1. Preheat the oven to its lowest temperature (that's 170º F for us) with a rack in the middle position. Line a large baking tray with parchment paper; set aside.
  2. Make lengthwise slices of the peppers, discarding the bulk of the seed-core, leaving most of the ribs and a few lingering seeds attached. Arrange the pepper slices on the prepared tray in a single layer, cut side up.
  3. Transfer the tray to the center rack of the preheated oven, and use the end of a long-handled wooden spoon to prop the door open a bit, allowing air to circulate through. The total amount of time will vary depending on size, skin-thickness, freshness and type of pepper, but set a timer for 2 or 3 hours and begin checking after 1 hour. (Really the peppers need only "dehydrate" partially at this point, as they will continue with the salt in the next step.)
  4. Once the peppers are fairly dehydrated, and have shrunk and shriveled some, remove to a bowl; keep the oven on. Add the salt to the bowl and toss to combine. Transfer the mixture back onto your parchment lined tray, and spread out evenly.
  5. Bake 15 minutes with the door closed. Remove the tray from the oven, and carefully use a spatula or flat-ended wooden spoon to stir the mixture around and break up clumps that have formed. Return to the oven and bake another 15 minutes.
  6. Allow the mixture to cool several minutes, then use the parchment paper as a sling to transfer the peppers and salt into the bowl of a food processor. Pulse a few times to chop the pepper slices into small pieces, then run until the mixture is as finely ground as you prefer. (Be warned that this may create a fiery dust cloud. Step back when removing the lid!) For a finer-grained salt, especially good for use on popcorn, run the pepper-salt mixture through a spice grinder, in batches as needed. Store in an airtight container on your counter or in the pantry up to 2 months.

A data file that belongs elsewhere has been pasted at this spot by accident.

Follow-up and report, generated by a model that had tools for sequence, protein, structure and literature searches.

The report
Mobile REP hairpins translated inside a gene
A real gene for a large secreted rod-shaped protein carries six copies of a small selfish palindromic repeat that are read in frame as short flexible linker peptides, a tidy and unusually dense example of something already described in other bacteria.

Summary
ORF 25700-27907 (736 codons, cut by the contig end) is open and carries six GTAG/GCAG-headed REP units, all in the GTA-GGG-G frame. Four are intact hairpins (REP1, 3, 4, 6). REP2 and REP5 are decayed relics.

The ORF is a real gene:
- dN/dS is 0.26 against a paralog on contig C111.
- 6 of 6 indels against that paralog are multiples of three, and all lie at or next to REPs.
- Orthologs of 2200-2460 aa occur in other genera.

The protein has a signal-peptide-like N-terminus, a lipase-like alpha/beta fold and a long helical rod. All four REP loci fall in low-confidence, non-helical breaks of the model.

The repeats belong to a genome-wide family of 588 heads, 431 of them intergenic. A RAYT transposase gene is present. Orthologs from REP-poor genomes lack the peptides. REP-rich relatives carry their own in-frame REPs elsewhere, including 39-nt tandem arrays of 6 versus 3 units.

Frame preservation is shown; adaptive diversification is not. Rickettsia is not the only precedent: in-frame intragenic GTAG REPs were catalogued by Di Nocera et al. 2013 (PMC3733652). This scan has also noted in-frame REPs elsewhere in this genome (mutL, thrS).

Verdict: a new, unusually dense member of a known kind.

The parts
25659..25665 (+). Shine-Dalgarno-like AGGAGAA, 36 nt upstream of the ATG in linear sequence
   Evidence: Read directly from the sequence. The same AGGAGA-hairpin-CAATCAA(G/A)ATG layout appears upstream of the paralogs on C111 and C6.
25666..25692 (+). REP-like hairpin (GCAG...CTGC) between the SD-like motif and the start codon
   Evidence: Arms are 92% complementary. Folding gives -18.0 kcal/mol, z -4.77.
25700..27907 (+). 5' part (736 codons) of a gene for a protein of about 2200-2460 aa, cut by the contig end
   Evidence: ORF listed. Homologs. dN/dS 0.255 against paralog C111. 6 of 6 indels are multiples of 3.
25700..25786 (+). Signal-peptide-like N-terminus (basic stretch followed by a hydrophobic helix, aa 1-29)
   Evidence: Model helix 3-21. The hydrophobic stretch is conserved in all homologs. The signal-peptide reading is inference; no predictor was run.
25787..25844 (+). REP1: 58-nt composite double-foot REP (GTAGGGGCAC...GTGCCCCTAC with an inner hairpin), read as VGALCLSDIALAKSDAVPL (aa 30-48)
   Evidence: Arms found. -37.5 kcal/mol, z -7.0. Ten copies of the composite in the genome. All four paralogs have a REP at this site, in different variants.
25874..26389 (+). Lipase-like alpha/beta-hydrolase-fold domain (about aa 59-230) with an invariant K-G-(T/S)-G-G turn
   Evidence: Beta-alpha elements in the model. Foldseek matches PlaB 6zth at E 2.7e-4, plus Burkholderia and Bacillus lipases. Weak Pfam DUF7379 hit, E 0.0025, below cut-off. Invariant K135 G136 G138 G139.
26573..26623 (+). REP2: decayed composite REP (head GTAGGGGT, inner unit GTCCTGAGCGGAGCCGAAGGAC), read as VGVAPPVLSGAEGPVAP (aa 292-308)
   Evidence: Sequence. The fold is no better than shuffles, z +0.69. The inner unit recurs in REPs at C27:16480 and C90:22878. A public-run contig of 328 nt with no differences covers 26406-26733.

HGN Notes
Kosher salt is great and fairly inexpensive. If you want to fancy this up, you could use a white or grey sea salt instead.

When slicing any type of hot pepper your fingers come into contact with the ribs and seeds, which are the hottest parts. If you inadvertently touch your eyes during prep -- even after a good handwashing or two -- you risk mild to severe burning of the eye and on the delicate skin surrounding it. For extra precaution, try wearing a pair of disposable gloves while handling peppers. (Buy a box cheaply at drugstores and dollar stores.)

For the faint of heat, there are several options:
1. Make sure all of the ribs and seeds are removed before drying.
2. Either scale down the peppers (use 2 or 3, instead of 4), or scale up the salt (use 2 cups, instead of 1 cup).
3. Rinse the pepper slices under water for a minute to calm the heat (never tried this personally, but heard it works).

+ Substitute another milder peppers, such as anaheim, banana/wax, cascabel, cherry, hatch, shisito or poblano. Do a mixture, or stick with one type.
+ Feeling fiery? Kick it up a notch with hotter chillies, like serrano, Thai bird, fresno, cayenne or habañero. Definitely wear those gloves with these!
+ Brighten up the flavor by adding a few sprigs of fresh dill, chives, oregano, basil or mint AND/OR the zest from 1/2 orange or 1/2 to 1 whole lemon during the dehydrating process (keep in to be ground).
Nutrition Info
Serving Size: 1/4 tsp (roughly 288 servings per 1 1/2 cups) Calories: 0 Fat: 0 g Saturated fat: 0 g Unsaturated fat: 0 g Trans fat: 0 g Carbohydrates: 0 g Sugar: 0 g Sodium: 388 mg Fiber: 0 g Protein: 0 g Cholesterol: 0 mg

An HGN original recipe.

+ + + +

Check out my downloadable nutrition guides.